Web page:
Twin sisters Marlene Thomas and Darlene Reeves of Pinehurst have always shared. Not only do they share the same physical features and the same dental hygienist job (one works three days a week and the other two, then they switch), but they also experienced similar types of cancer.
In May 2013, Reeves was diagnosed with stage 3C primary peritoneal carcinoma, a type of cancer that can originate from the same type of cell that lines the surface of the ovaries and fallopian tubes. She was successfully treated and is now back in the dental hygienist chair.
Since they share the same DNA, Thomas decided to get checked out and underwent a hysterectomy in April 2014. Given her sister’s history, Thomas’ gynecologic oncologist, Dr. Michael Sundborg of FirstHealth Outpatient Cancer Center, analyzed the removed ovary and uterus and found stage 3A low-grade serous ovarian cancer. This is less common and aggressive than high-grade types of ovarian cancer but is resistant to many kinds of chemotherapy and carries a high likelihood of relapse after treatment.
Thomas’ five months of chemotherapy ended in September 2014, and Dr. Sundborg determined her clear of cancer. He told her that her history would make her a good candidate for a new “cancer control” clinical trial sponsored by Gynecologic Oncology Group. The study’s goal was to determine if diet and exercise can help control cancer recurrence in patients who were successfully treated for low-grade serous ovarian cancer. The study hosted two groups — patients in a test group were assigned a life coach who helped patients adopt a healthful diet and exercise regimen and patients in the control group were counseled to continue their normal daily habits and were given a pedometer to track activity. Thomas agreed to participate and was randomly assigned to the latter control group, though she admits she would have preferred to be in the test group with the life coach.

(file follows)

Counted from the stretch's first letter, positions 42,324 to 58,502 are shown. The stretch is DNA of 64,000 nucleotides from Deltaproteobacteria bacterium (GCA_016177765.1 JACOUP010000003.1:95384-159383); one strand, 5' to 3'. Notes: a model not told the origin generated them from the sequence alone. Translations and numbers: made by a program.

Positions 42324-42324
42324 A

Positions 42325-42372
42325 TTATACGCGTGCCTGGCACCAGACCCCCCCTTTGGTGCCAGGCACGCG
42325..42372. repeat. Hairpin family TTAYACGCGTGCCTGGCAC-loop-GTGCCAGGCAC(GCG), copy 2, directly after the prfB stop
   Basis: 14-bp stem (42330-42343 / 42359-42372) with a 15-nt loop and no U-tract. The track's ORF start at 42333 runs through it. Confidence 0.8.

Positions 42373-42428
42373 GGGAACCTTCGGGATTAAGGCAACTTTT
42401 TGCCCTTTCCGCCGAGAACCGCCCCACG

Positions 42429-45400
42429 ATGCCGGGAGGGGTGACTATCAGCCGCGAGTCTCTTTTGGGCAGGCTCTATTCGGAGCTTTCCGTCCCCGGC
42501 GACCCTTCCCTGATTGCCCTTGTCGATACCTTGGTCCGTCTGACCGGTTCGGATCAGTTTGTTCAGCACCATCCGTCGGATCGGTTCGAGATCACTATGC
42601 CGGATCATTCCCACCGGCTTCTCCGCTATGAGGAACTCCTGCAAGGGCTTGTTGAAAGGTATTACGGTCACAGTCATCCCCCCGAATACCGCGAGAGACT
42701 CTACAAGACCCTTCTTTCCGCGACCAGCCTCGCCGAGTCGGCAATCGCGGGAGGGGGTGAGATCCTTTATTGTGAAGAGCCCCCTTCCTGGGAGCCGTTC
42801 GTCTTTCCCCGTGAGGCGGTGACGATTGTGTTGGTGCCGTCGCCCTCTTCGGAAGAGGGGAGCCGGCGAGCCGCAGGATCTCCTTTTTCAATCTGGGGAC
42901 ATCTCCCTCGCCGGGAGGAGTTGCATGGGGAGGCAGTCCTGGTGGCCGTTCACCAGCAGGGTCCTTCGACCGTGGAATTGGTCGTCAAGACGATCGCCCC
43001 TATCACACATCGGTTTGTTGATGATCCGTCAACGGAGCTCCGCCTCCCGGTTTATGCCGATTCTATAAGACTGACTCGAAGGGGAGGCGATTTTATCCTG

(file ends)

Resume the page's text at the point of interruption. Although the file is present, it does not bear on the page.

Every six months of the two-year trial, Thomas completed a questionnaire and occasionally had blood drawn at FirstHealth Outpatient Cancer Center that was analyzed by the study’s researchers. Her active participation in the study ended in 2017, but researchers from the Gynecologic Oncology Group call her annually to ask her what’s new with her health, how she is feeling and other general questions. Her consistent response? “I feel alright!” Like Reeves, Thomas is back in their shared dental hygienist’s chair and is enjoying life.
Results from Thomas’ participation in the clinical trial are being analyzed with those of more than 1,000 other participants and overall results are not yet available. While she did not benefit directly from this experience, her participation will help patients in years to come, and she reports that is benefit enough for her.
Now an avid supporter of early cancer detection, Thomas counsels nearly all women she encounters that pap tests don’t necessarily detect all types cancer specific to women. Her advocacy has also earned her a spot on FirstHealth Cancer Services’ Cancer Advocacy Advisory Board for which she volunteers to educate fellow patients about clinical trials from a peer perspective.